Journal of Singing Editorial Board

Judith Cloud

Judith Cloud, mezzo-soprano and composer

headshots/Judith_Cloud.JPGAmerican composer Judith Cloud’s gift for vocal writing originates out of her own rich experiences as an accomplished mezzo–soprano soloist.  Performing throughout the United States, Cloud premiered many new works by young composers as well as her own music. Highlights of her performing career include a performance of the Brahms Neueliebeslieder Waltzer with the acclaimed radio program Saint Paul Sunday Morning. She was also mezzo-soprano soloist in Michael Tippett's A Child of Our Time for the American premier performance with the Winston-Salem Symphony.  She has remained active as a recitalist and soloist, collaborating with others in chamber music recitals.

Cloud first began composing for the voice in 1974, and she soon garnered a reputation as a “singer-friendly” composer. Her vocal music has been described as “eminently singable, displaying a rich harmonic palate with an audience-entrancing sense of vocal line that is both dramatic and beautiful.”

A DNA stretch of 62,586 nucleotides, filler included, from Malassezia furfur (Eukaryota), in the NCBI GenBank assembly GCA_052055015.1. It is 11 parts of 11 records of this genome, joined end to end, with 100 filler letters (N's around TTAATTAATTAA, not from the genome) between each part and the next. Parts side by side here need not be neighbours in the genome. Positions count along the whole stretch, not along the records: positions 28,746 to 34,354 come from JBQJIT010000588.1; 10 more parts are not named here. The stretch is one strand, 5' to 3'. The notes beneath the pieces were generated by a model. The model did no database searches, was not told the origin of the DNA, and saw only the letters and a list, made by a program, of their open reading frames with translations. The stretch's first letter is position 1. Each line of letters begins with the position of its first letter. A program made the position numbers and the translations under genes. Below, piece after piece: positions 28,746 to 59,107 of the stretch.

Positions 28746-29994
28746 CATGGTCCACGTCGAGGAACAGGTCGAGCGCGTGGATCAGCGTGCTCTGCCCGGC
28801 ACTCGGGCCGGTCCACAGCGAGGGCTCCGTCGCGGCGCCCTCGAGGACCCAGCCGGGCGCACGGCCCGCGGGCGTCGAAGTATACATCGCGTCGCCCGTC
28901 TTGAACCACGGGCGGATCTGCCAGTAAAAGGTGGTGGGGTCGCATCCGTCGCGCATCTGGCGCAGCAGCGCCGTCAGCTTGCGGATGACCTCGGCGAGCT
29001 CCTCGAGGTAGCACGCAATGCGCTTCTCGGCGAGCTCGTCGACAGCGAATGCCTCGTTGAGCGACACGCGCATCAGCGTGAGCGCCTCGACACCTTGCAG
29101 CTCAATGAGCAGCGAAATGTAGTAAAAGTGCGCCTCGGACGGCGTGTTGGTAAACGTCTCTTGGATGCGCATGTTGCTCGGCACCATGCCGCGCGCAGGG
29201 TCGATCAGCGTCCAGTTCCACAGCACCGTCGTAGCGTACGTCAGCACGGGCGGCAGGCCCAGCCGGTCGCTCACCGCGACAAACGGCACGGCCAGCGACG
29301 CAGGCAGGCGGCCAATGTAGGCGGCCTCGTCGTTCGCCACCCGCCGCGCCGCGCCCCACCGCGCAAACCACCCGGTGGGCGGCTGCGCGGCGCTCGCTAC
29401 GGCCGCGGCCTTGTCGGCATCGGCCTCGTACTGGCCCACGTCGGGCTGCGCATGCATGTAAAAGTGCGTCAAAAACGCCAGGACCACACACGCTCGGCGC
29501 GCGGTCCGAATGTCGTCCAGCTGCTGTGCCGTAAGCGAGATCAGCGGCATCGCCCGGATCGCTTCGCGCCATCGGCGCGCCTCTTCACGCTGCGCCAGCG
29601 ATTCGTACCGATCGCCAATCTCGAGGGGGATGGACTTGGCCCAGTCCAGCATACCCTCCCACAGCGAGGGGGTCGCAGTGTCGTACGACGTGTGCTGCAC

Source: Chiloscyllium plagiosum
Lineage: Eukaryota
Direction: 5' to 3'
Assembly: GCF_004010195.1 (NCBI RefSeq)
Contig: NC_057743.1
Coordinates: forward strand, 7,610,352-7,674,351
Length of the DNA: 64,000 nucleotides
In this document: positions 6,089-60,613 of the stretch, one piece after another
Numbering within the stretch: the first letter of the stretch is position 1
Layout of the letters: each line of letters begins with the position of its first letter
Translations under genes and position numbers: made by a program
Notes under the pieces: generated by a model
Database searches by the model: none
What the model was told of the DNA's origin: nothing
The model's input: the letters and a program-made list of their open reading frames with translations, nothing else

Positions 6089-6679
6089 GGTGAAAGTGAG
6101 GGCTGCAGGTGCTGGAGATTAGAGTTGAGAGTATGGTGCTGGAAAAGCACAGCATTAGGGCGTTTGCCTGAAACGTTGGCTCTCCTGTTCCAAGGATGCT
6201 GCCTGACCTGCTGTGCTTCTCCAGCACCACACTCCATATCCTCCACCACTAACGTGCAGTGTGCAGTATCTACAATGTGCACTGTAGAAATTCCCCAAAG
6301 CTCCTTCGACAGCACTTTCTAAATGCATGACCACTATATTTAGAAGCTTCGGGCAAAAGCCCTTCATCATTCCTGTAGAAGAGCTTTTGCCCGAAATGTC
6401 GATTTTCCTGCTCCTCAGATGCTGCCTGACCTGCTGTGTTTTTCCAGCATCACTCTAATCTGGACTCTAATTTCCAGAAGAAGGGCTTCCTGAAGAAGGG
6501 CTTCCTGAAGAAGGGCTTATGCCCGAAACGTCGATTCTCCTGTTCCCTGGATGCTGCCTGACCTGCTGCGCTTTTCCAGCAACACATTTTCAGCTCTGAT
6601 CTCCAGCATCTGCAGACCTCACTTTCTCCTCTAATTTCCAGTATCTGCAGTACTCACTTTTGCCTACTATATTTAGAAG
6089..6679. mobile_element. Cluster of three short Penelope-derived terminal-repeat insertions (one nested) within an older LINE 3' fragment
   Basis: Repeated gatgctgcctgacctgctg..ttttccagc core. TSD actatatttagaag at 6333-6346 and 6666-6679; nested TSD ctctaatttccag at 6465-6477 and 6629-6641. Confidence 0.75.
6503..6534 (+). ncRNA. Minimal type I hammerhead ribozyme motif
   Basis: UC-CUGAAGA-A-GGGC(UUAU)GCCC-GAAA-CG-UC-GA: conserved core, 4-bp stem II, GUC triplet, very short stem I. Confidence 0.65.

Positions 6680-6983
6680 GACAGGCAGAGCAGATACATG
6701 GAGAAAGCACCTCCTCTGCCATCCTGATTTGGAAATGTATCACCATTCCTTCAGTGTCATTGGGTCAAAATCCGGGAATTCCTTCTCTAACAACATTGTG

Cloud’s experience as a vocal pedagogue for nearly 40 years led her to contribute to the beginning singer repertoire by composing accessible songs with a 21st-century bent.  24 Italian Songs and Arias for 21st-Century Singers can now be used by voice teachers as a welcome departure from the old standards.

Cloud’s monodrama Beethoven’s Slippers for dramatic soprano and piano quartet, set to a libretto by Santa Fe artist and writer Douglas Atwill, received its first performance in Flagstaff, AZ. Soprano Jennifer Trost commissioned the work and sang the role of The Woman in a production featuring sketches by Atwill as a part of the set design. Trost has since presented Beethoven’s Slippers more than 15 times in the piano accompaniment version. Dramatic sopranos “of a certain age” are drawn to the piece because of its appealing subject matter with its “singer friendly” demands on the aging voice.

In March of 2011 Summit Records released a CD of Cloud’s art songs. “Letting Escape A Song”, features Cloud singing some of her own music. Songs included on the CD are Quatre mélodies de Ronsard, dedicated to Carol Kimball, Four Songs of the Heart (Kathleen Raine), De Amor Oscuro (Francisco X. Alarcón), Three Songs from “Gleanings “(Betty Andrews), Três Canções (contemporary Brazilian poets), Four Sonnets by Pablo Neruda (Set 2), in the English translation by Stephen Tapscott, and Songs of Need and Desire, three songs for soprano and guitar.